I certainly agree that there is a vast arena of yet-to-learn goodies in the field of evolutionary computing, but how is the organism’s fitness in the real world any more “undirected” than it is in my image-growing application? Nature defines fitness as the ability of a genome to replicate. I define fitness in my software the same way. The mechanisms are all different, but they seem similarly directed.

    The thing is, the bacteria evolved some molecular pumps because transfusing atoms through the outer membrane (or something…I don’t recall the details and getting it right is kind of beside the point) increased their fitness. They went on to attach those pumps to a hydrodynamic tail because that also increased fitness. The same inexorable test of fitness is driving those things. In my image-grower, if I’m judging fitness similarly, but giving the engine the option to mutate in a variety of ways, isn’t the same thing happening? Maybe a yellow blob over here increases fitness. Maybe increasing the transparency of the end-range of the square-painting series increases fitness. And then maybe attaching those two bits of genetic code (in either order) increases fitness more.

    So, either it seems like we’re already doing that and it’s not too remarkable or I’m missing something substantial about the absence that you’re noticing.

  5. Roger Alsing says:

    is the organism’s fitness in the real world any more “undirected” than it is in my image-growing application?

    I don’t know what your application does, but every single implementation of EA/GA I’ve seen have had “a single goal”, that is , the evolution is directed towards that goal.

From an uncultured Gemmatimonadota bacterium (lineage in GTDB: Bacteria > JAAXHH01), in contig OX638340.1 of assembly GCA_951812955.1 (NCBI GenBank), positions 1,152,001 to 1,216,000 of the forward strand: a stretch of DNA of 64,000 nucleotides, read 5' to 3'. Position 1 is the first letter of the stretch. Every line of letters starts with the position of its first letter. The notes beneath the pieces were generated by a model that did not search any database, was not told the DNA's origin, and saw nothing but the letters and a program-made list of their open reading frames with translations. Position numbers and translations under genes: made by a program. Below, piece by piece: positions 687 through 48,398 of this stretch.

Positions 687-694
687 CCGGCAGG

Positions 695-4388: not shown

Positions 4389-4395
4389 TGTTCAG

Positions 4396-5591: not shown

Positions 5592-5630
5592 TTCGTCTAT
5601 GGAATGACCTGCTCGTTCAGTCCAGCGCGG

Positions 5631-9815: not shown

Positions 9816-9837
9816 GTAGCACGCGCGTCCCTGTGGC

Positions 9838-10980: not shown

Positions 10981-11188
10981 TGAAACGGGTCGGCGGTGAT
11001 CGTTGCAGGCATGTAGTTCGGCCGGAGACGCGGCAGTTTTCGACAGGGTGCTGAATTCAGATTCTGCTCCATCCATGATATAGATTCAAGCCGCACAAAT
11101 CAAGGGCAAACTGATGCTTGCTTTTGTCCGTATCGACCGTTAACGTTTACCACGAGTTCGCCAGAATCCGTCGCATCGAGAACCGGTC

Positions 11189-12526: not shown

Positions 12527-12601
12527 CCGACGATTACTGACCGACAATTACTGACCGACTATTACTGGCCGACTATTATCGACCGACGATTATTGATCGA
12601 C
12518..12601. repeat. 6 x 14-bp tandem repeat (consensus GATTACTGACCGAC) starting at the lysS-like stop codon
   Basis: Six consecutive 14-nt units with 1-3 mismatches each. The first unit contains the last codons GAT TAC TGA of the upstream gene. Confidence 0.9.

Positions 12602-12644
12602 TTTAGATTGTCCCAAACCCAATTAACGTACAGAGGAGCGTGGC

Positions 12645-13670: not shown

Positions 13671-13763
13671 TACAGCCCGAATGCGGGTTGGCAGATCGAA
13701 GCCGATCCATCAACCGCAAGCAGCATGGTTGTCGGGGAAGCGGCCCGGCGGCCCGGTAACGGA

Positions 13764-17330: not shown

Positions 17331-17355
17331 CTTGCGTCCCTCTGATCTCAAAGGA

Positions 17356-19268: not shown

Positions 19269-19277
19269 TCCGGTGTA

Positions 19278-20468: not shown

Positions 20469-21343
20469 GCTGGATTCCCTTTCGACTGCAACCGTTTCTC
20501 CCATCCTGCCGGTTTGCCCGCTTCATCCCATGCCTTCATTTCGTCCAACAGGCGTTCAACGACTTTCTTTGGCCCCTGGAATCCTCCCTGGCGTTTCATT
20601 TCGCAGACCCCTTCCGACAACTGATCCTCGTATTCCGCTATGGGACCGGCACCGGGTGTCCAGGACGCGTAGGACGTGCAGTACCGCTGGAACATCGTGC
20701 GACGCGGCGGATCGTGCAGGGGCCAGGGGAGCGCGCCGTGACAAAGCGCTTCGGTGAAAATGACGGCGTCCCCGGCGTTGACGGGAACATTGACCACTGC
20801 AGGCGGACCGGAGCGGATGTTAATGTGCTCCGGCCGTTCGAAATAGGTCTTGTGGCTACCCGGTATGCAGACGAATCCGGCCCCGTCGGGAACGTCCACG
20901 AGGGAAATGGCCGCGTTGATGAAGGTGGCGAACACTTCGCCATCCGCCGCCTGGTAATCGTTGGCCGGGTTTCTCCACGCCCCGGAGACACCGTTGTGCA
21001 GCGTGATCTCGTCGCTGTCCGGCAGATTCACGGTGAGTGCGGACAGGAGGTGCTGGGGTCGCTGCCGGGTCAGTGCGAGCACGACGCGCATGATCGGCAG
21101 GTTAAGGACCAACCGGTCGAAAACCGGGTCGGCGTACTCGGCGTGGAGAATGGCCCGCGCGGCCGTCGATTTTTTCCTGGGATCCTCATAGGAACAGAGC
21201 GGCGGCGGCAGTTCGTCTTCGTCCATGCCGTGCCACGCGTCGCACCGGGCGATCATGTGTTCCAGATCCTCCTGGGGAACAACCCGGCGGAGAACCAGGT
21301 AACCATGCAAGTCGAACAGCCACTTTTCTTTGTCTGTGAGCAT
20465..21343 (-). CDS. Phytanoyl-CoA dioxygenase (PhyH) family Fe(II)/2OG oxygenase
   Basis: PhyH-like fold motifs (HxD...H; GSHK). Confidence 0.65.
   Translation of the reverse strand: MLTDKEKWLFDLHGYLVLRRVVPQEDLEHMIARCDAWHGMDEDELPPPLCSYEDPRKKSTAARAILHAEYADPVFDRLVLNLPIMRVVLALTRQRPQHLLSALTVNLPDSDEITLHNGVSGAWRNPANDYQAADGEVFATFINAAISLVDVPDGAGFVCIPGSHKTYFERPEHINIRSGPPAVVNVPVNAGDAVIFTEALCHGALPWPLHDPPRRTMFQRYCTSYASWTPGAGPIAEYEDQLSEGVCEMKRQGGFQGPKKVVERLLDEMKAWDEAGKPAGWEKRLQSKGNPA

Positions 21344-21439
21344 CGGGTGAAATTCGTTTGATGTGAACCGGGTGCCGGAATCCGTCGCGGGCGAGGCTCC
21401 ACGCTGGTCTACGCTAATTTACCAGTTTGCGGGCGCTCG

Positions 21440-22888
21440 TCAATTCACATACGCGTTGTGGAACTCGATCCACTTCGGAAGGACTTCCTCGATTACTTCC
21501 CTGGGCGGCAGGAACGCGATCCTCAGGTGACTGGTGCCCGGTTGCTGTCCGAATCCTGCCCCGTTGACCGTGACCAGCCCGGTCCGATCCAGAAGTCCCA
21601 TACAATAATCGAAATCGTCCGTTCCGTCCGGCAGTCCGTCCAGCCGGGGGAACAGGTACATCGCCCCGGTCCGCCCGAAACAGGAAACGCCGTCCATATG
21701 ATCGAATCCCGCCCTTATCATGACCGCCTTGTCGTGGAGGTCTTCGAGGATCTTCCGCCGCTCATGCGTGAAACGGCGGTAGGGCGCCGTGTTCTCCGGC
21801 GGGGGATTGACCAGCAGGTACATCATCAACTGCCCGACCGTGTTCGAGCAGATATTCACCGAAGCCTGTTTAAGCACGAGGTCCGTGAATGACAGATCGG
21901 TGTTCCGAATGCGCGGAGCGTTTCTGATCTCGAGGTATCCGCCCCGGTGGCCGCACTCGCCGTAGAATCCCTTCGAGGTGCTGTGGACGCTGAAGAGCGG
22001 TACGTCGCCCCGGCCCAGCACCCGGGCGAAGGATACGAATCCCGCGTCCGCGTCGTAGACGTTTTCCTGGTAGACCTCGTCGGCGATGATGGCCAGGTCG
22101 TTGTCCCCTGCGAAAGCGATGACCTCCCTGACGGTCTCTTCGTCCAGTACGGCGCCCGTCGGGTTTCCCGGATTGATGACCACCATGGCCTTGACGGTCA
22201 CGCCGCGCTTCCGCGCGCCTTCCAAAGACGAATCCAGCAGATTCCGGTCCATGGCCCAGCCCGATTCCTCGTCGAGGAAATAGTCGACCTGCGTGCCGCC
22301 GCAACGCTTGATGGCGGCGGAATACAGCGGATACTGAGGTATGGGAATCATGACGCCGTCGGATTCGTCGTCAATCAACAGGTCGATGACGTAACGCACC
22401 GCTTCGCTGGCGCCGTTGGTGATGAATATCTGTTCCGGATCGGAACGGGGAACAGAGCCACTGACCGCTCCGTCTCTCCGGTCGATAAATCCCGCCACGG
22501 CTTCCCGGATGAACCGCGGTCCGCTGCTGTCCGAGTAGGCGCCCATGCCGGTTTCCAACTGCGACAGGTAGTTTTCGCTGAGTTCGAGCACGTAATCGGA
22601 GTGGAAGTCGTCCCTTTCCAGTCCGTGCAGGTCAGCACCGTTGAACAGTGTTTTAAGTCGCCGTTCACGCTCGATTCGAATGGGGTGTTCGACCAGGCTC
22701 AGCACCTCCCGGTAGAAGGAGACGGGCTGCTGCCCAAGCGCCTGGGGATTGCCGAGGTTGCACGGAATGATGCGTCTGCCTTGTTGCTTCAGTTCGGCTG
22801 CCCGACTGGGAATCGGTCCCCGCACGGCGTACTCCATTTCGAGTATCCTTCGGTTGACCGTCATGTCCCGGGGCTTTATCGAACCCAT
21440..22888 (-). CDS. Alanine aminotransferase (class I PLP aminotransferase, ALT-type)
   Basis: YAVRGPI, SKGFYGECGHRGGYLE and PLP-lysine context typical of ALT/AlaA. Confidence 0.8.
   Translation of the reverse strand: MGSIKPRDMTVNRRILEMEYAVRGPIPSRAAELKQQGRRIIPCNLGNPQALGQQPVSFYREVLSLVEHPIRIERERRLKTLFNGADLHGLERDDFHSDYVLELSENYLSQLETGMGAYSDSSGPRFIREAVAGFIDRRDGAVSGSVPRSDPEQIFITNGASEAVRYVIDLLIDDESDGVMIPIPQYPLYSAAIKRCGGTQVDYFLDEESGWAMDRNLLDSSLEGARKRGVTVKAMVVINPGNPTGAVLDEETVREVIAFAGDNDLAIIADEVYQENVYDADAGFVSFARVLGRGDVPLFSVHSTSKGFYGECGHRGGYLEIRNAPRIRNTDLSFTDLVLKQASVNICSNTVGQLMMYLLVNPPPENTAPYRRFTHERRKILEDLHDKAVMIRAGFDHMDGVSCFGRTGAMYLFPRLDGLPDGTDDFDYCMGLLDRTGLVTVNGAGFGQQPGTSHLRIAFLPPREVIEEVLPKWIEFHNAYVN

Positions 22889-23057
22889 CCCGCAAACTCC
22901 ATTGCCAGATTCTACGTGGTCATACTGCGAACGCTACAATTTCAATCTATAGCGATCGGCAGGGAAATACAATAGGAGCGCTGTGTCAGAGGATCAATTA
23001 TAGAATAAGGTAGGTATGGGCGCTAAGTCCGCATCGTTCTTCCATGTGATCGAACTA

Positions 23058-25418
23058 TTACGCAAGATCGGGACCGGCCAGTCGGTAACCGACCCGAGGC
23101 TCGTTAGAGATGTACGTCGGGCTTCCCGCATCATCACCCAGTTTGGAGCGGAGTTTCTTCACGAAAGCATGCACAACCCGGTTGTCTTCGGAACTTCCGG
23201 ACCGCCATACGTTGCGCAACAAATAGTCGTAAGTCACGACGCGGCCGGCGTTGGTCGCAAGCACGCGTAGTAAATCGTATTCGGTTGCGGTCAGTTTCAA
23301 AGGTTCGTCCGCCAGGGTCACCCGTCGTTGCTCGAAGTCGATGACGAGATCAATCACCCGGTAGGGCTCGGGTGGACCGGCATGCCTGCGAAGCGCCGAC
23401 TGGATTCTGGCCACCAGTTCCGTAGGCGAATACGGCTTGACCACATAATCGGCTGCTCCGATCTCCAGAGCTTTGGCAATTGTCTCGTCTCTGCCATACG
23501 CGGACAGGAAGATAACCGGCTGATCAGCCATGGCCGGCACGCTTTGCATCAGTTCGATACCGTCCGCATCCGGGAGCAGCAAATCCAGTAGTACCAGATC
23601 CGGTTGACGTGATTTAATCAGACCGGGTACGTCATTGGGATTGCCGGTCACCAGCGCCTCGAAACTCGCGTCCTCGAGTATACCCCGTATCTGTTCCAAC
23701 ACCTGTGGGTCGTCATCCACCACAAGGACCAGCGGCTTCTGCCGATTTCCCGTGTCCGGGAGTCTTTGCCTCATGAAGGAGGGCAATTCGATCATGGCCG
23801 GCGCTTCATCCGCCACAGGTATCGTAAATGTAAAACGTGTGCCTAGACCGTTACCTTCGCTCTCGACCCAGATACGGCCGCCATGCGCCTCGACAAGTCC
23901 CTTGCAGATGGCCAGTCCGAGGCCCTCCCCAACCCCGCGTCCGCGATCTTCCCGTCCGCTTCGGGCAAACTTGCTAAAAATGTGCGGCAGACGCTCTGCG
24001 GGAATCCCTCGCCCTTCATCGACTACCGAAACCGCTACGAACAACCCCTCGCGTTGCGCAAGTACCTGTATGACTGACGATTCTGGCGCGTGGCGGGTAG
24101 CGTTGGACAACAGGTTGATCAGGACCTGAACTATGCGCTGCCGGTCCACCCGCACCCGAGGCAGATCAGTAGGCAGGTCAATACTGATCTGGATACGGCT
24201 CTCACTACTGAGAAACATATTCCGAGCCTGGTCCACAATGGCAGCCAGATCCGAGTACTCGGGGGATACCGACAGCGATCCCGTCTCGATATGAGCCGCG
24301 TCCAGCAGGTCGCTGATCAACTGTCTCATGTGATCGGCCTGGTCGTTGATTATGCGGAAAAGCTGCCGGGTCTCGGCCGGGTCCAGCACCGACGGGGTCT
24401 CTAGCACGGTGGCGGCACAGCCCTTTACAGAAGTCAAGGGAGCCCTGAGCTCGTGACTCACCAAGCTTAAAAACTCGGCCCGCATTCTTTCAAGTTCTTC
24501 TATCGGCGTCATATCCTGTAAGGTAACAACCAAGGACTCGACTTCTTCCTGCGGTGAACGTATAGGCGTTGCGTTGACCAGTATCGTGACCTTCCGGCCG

In nature, there is not a final solution that everything strives for, humans are not more right than a worm, we are both adapted to different environments and niched at different things.

    The thing is, the bacteria evolved some molecular pumps because transfusing atoms through the outer membrane (or something…I don’t recall the details and getting it right is kind of beside the point) increased their fitness

    I think you are missing the point, in the real world, yes that would increase the bacterias fitness.
    in a GA simulation, evolving something that don’t make the organism better at solving the specific problem that the simulation strives for, will not yield any better fitness, and will thus most likely be discarded.

  6. Carter Cole says:

    thats why i was saying you have to ask it the right problem to solve or you will just keep getting single solutions… first we had replicators that could just make exact copies… but they were venerable so we added diversity… but what are humans but giant walking robots made to carry around our genes and be smart enough that we can talk slick with a female and procreate. The fitness equation for organisms in the wild is how well they are able to procreate (thus more of their traits are likely to live on and exist in later generations)